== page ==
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Disturbance and ecological change in high-latitude birch woodlands
Disturbance and ecological change in high-latitude birch woodlands
Wednesday 29 January, 2014
Contribution from Dr. Nick Cutler, former Keble fellow in Geography; currently at University of Cambridge.
Annual growth rings in trees provide an invaluable record of environmental change. Differences in ring width can be used to reconstruct past climatic conditions and to assess the impact of ecological disturbances, whether these disturbances are natural or man-made. Many studies have been conducted using tree rings from temperate locations e.g. Europe and North America. Tree ring records from high-latitude regions are much rarer, mainly because there are fewer trees and low/variable growth mean that tree rings are harder to interpret. This hampers our ability to understand climatic variability in a part of the world that is undergoing very dramatic warming.
My research focuses on long-term (decades to centuries) ecological change in Iceland. Consequently, I am very interested in the ways in which fluctuations in climate and disturbance events (e.g. ash deposition during the eruption of Eyjafjallajökull in 2009) have on the development of vegetation. Tree ring records are an ideal way of doing this and in 2010 I used a Keble Small Project Grant to collect tree ring cores in Iceland. I took the cores from birch trees growing on Mt Hekla, a volcano in Southern Iceland. Hekla is very active: it erupted five times between 1947 and 2000. It is therefore the ideal location to study the ecological impact of both a warming climate and volcanic disturbance.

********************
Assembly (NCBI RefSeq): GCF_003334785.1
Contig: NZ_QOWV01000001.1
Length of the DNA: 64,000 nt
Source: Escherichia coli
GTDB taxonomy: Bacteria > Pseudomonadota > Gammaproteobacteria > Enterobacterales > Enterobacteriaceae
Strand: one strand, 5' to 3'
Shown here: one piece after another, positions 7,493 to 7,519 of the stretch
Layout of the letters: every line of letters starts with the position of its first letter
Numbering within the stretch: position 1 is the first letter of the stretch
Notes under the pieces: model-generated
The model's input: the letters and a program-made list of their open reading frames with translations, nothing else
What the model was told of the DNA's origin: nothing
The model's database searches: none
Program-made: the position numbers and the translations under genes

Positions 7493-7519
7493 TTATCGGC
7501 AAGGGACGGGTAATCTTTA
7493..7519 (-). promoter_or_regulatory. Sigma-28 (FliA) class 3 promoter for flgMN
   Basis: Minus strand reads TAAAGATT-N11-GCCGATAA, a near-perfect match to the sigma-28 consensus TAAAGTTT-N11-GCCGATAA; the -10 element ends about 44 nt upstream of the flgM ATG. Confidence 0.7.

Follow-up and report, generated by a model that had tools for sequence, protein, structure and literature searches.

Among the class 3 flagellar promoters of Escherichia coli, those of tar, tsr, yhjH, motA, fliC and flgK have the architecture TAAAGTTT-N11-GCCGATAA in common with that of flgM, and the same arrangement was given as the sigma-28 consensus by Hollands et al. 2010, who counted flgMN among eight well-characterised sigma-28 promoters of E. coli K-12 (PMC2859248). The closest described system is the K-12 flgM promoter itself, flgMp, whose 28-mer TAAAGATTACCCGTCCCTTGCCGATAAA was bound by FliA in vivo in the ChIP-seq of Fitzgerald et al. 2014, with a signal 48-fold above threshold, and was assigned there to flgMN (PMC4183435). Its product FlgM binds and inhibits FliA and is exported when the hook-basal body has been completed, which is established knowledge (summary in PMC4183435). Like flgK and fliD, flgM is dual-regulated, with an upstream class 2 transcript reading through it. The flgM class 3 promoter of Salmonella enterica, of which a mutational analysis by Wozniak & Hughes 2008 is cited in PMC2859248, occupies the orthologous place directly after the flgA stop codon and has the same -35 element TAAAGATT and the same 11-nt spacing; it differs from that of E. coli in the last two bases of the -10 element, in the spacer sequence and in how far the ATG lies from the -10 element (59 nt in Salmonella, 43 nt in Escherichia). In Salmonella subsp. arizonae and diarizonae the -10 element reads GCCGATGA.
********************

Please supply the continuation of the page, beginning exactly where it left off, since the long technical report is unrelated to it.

The results of my research show a dramatic increase in tree ring width over the last decade. In broad terms, ring widths increase as growth conditions get better. In this case, it is likely that climatic warming has lengthened the Icelandic growing season and allowed the birch trees to grow more strongly. This result has implications for the fate of carbon dioxide (an important greenhouse gas): in theory, increased temperatures in the polar regions could result in more carbon being drawn from the atmosphere and tied up in organic matter such as trees, although a corresponding increase in the carbon dioxide released by warming soils is likely to exceed this effect. The rings also revealed that ash deposition had virtually no impact on tree growth: arctic birches are, perhaps unsurprisingly, hardy in the face of disturbance. Finally, and perhaps most significantly, the tree rings showed great variability from tree-to-tree. An understanding this individualistic response is extremely important to studies that seek to generalise from tree ring records, as the recent ‘Climategate’ episode demonstrated.

Dr. Nick CutlerFormer Keble Fellow in Geography
This article was first published on ASC Newsletter HT 2012 (March, 2012)